A while back I made an instrumental record and then did nothing with it.
This may not be the most compelling story, but so it goes.
At the time, my band Locas In Love was trying to figure out how to finish the album that would become Use Your Illusion 3 & 4 - and that was taking longer than expected. We have been a band for quite a long time, and it seems that happens occasionally.
Me, I was in a state of bleak despair for extended amounts of time then. I have been a person for quite a long time, and it seems that happens occasionally.
Some evenings, I would go to our studio and lock the doors. The studio is called Bear Cave, and to me it feels like I imagine the basement of Big Pink would look if, say, The Breeders and Slint had taken it over. It's not a big room, but there's a piano and a pump organ, my favourite drum kit in the world, plenty of amps, pedals, a mixing board that usually has some thing or another wrong with it - the kind of studio a band builds for themselves I guess.
Anyway, some evenings I would be there, all kinds of remembered music playing in my head all the while. That first Aerial M record for sure. The loopy stuff in GYBE!. The noise of the boombox on Mountain Goats tapes. The journey through sounds I find in the first 3 Ulver records.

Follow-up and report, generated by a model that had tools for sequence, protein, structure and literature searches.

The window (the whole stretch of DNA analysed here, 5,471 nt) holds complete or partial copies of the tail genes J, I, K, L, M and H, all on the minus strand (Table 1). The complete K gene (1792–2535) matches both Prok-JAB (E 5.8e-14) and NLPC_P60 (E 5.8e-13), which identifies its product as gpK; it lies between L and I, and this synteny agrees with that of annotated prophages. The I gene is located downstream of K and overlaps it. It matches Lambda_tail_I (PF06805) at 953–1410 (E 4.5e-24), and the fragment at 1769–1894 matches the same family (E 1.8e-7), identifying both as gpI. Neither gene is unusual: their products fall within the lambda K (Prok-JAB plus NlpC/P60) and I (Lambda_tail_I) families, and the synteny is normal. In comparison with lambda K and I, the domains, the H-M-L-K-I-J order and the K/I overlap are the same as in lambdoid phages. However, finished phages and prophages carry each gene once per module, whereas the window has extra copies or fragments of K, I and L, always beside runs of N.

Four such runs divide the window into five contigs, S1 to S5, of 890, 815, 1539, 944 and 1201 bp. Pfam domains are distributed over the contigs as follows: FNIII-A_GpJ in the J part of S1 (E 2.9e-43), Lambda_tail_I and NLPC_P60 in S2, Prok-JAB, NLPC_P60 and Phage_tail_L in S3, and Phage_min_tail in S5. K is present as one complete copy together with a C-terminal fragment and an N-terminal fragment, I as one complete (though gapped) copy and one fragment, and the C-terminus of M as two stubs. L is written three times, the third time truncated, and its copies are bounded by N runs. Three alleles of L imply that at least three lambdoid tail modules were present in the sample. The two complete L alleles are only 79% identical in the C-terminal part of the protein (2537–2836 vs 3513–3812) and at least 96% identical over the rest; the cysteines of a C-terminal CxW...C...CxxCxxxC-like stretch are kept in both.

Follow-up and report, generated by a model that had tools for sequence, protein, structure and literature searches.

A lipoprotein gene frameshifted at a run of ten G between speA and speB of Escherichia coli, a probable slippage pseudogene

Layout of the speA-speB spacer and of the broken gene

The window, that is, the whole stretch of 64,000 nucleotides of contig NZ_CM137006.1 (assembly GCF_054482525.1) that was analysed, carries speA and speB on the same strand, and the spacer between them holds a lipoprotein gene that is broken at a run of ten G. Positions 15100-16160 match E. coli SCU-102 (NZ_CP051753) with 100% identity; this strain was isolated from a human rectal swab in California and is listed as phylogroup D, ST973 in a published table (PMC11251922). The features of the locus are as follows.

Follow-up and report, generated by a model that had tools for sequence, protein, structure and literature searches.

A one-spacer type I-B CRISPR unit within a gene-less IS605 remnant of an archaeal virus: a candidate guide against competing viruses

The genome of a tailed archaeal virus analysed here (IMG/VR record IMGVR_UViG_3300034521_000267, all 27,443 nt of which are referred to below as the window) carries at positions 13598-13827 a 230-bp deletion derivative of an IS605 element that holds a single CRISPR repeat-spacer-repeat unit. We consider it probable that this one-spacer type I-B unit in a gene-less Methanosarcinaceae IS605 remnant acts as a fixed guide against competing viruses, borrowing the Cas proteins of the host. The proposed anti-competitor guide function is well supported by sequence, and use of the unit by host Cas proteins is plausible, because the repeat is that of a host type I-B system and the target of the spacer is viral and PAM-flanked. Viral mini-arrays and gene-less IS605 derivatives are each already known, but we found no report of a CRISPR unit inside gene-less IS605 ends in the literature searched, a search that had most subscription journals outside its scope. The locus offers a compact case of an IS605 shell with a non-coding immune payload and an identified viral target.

Or I'd start with a basic premise in mind - for example, "For Every River Buried" started with the idea of playing an R'n'B chord progression I heard on a Beyonce song VERY slowly (I am not a piano player, so there's that). And then keep adding things.
Our studio has creaky floors, and on most any song on here you will hear me walking back and forth between the instruments and the control room at some point.
I would work on tracks for a while until I felt content. I would take what I recorded and listen to it on my 20 minute walk home. And then on my bike ride to work the next morning. If something needed changing I would change it the next evening. If whatever magic I felt was gone in the morning, I would go back and delete the thing.
At some point I had eight tracks that felt like an album to me. Still do, actually. I played it to some friends, who seemed to like it. I asked Amir Shoat to master it and he did an absolutely fantastic job of it.
And then I mostly did nothing. I always felt that this should be released one way or another, but I have never been quite sure where it fits (if anywhere), and also feel quite uncomfortable talking about it. Not in any kind of humble-bragging way (I hope), but rather - I know it has been worth making but have a hard time explaining why. And an even harder time explaining why it would be worth listening to.
It's none of that music for imaginary films bullshit. It's pretty good music to read to? I think? Maybe it just came from a specific time and place for me. It is music-for-going-to-the-studio-depressed-allowing-the-instruments-to-slowly-fill-a-dark-empty-void-in-my-head-and-slowly-walking-through-the-night-somewhat-more-at-peace.
If you read that and think "Even if I feel like that, why then should I listen to what you have made and not go in a basement and make something myself?" I would reply: "You do not need to, and you absolutely should. I would love to hear that."
So that's that. And this is a recording called "This Machine Is Very Quiet" by Local Standard Time.
released July 23, 2020
Recorded at Bear Cave Studio, Cologne
Mastered by Amir Shoat
Layout by Jan Lankisch